15. ASYLUM_SPIRIT

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    Posted 5/3/12

    Thanks mate I will follow the links!!
     
  16. Yob

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    Posted 5/3/12
    also, when using Mr Malty, you need to plug in your "harvest date" to determine viability... This is not always when the yeast is "actually" harvested... in essence, its when the yeast were lest active, for me it's usually 2 weeks prior to actually harvesting it, as in the 3 week cycle, loosely, 1 week to ferment, 1 week to condition, 1 week to cold condition. So at the end of cold conditioning I will plug in 2 weeks prior as my harvest date.

    Not knowing this the first few times, I got it wrong I think and the beer suffered a bit for it.

    Live and Learn.

    Yob

    ed: clarity
     
  17. hando

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    Posted 26/3/12
    Hey Guys,

    I used this method to reuse my yeast WLP830.

    Some differences I've noticed are that the amount of yeast I collected was so small compared with the thick layer in Wolfy's photos. I've stored it in a White labs test tube, and the amount of yeast settled in there is approx. 1/4 teaspoon.

    Secondly, when I've reused it in 2 subsequent brews I noticed that the beer was cloudy, even after filtering. I'm still doing K&K at this stage and I doubt it's chill haze. I'm thinking that the cloudiness is from the yeast, and that the yeast which I "selected" when harvesting, was the less flocculant yeast, and that's causing the cloudiness.

    When making the starter on the stir plate in about 2litres of wort, I've noticed that after turning the stir plate off and waiting a couple of hours there was a cloudy mixture throughout the starter with only 3-5mm of unclouded liquid at the top, and only a very fine dusting of yeast at the bottom.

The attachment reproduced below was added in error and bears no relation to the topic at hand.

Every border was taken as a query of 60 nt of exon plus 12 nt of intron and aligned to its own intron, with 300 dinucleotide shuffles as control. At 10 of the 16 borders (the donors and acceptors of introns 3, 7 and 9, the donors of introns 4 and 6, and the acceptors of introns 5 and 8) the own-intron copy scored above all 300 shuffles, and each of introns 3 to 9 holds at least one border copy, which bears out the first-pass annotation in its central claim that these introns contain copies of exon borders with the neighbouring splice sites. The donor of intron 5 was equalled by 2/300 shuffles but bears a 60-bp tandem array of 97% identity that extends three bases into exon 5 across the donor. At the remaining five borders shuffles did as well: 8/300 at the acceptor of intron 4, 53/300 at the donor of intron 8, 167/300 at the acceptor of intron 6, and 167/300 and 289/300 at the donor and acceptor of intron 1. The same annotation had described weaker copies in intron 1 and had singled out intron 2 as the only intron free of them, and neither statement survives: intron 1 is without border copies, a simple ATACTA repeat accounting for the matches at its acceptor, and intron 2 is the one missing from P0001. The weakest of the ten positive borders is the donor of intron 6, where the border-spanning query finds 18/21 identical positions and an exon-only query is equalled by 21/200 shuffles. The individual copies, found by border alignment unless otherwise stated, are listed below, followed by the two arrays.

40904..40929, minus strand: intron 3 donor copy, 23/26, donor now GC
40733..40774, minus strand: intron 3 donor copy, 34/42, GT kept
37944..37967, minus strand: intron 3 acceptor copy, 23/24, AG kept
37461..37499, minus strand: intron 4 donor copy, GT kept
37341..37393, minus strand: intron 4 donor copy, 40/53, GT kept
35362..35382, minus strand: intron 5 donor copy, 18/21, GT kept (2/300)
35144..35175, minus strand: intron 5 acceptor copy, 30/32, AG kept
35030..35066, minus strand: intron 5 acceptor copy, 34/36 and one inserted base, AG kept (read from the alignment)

Does that sound normal? Anyone got any input would be fantastic.
    Cheers
     
  18. Yob

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    Posted 26/3/12
    how thick was the trub you were rinsing? A trub that is quite thick in solution will not let you see the propper separation. This can lead you to select only the least flocculent yeast in solution which could lead to your second issue.

    When rinsing you should have about 4 x rinsing water over whatever volume of slurry you are rinsing, I often find that if I've got too thick a slurry the separation is not all that evident after 20 mins, so will split again into 2 vessels and go again, normally this is enough to get it right.

    Here is a link to the BN Podcast on Rinsing Yeast LINKY If you have a spare hour have a listen as it's very informative and helps with understanding. They discuss what happens when less flocculent yeast is selected and quite sounds like your problem.

    Hope this helps

    Yob
     
  19. Newbee(r)

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    Posted 26/3/12

    Interested in whether people are growing starters and then harvesting and storing rather than post fermentation harvest and rinsing? I have been doing this for a while, just bottled a dozen 75 ml jars with Ringwood. Is there any issues doing it this way I need to be aware of? Also, curious about length of viability for these in the fridge - have seen somewhere 3 months?
     
  20. Swanstar

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    Posted 26/3/12
    Thanks Wolfy,

    Very good and informative thread, I've been harvesting my yeast cakes for a while but haven't been rinsing and I've found that it tends not to last very long even in the fridge, will be trying this tonight.

    Cheers,


    Swanny